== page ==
Local readers will recognize many of the locations depicted in Green’s novel, real or fictional. Adding to the fable quality of “Kingdoms of Savannah” is an illustrated Tolkienesque map printed on the inside cover that marks Savannah’s landmarks from the book.

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“It has all these completely separate little worlds and that’s what I mean by the title, ‘The Kingdoms of Savannah,'” Green explained. “There are these separate enclaves and they don’t mix much. There’s a black community, there’s a homeless community, there’s the very rich enclave, there’s the gay community. There are all these little kingdoms and they are so close to each other. It’s just a very small town. It’s easy to walk around town, and my characters do it every day. I have a character who lives in one of the homeless encampments under Harry S. Truman Drive, and he walks around town every day. That’s what most people who live in this camp do.

George Dawes Green

While celebrating the release of his latest novel, Green is also celebrating the 25th anniversary of The Moth, the world-famous storytelling series he founded in New York City. What started as small gatherings in apartments quickly expanded to events in bars and then to large venues like Lincoln Center.

Now The Moth has clubs and events all over the world, and millions of listeners to his podcast. Green celebrated with a sold-out special reading at The Gingerbread House featuring some of Savannah’s greatest storytellers, including New York theater legend Edgar Oliver, Opollo Johnson, Aberjhani and Jane Fishman.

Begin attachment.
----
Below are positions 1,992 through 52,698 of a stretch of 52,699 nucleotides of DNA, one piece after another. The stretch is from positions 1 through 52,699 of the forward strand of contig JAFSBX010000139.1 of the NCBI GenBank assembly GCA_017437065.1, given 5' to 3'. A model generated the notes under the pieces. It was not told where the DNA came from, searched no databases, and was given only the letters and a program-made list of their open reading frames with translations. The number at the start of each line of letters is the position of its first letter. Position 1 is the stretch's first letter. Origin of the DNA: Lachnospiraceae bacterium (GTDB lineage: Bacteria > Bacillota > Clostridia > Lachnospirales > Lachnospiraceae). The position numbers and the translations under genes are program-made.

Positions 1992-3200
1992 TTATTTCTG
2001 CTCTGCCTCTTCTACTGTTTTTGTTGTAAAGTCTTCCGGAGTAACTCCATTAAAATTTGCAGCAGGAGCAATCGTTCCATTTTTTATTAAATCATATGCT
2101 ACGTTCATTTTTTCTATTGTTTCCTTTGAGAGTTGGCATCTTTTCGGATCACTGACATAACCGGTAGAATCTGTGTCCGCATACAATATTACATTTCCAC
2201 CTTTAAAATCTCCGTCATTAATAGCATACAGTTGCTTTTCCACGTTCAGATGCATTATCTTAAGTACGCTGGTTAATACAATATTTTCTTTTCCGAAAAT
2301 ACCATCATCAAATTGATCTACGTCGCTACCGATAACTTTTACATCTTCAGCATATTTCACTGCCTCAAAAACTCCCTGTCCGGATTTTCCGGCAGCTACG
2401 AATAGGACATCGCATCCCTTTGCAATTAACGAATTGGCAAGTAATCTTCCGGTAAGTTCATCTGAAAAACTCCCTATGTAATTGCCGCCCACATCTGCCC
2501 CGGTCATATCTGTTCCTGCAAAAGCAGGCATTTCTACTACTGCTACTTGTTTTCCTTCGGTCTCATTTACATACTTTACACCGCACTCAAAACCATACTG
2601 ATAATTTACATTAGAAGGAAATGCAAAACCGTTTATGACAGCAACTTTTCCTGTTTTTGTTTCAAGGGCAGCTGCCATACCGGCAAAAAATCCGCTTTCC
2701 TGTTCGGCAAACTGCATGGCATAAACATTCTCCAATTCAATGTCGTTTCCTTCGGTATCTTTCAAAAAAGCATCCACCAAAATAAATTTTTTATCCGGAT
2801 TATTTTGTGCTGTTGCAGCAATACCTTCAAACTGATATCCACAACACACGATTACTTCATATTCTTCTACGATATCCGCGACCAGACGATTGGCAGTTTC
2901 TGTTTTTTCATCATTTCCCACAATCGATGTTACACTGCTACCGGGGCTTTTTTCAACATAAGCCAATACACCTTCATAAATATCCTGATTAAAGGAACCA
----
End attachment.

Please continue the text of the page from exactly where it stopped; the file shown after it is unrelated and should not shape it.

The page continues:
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“I was very inspired growing up in South Georgia and spending a lot of time on porches when I was young, drinking on porches, listening to stories,” Green said. “That’s one of the things I was thinking about when I started The Moth. I love the idea of ​​coming back now and celebrating the Moth’s 25th anniversary with great Savannah storytellers.

George Dawes Greens’ work has gone into print on the big screen

Although Green is primarily a thriller writer – his book ‘The Juror’ (1994) was an international hit that was adapted into a film starring Demi Moore and Alec Baldwin – he draws inspiration from the pure storytelling skills of storytellers.

Alec Baldwin in

“When a great storyteller tells a story, there’s a simplicity, a directness and an immediacy,” Green said. “I don’t necessarily look for that in my fiction because I write thrillers. I love the scaffolding of a thriller, so they’re very different, but I still yearn for that simplicity and immediacy. I think if I trained my fiction writing with what I heard at Moth, I think it would be better in a way, but they’re very different disciplines.

“One thing I love about books, I love the moment when you feel caught up in the flow of the turning pages. You’re completely captivated by the story you’re reading, and it’s the same feeling than when you listen to a great Moth story.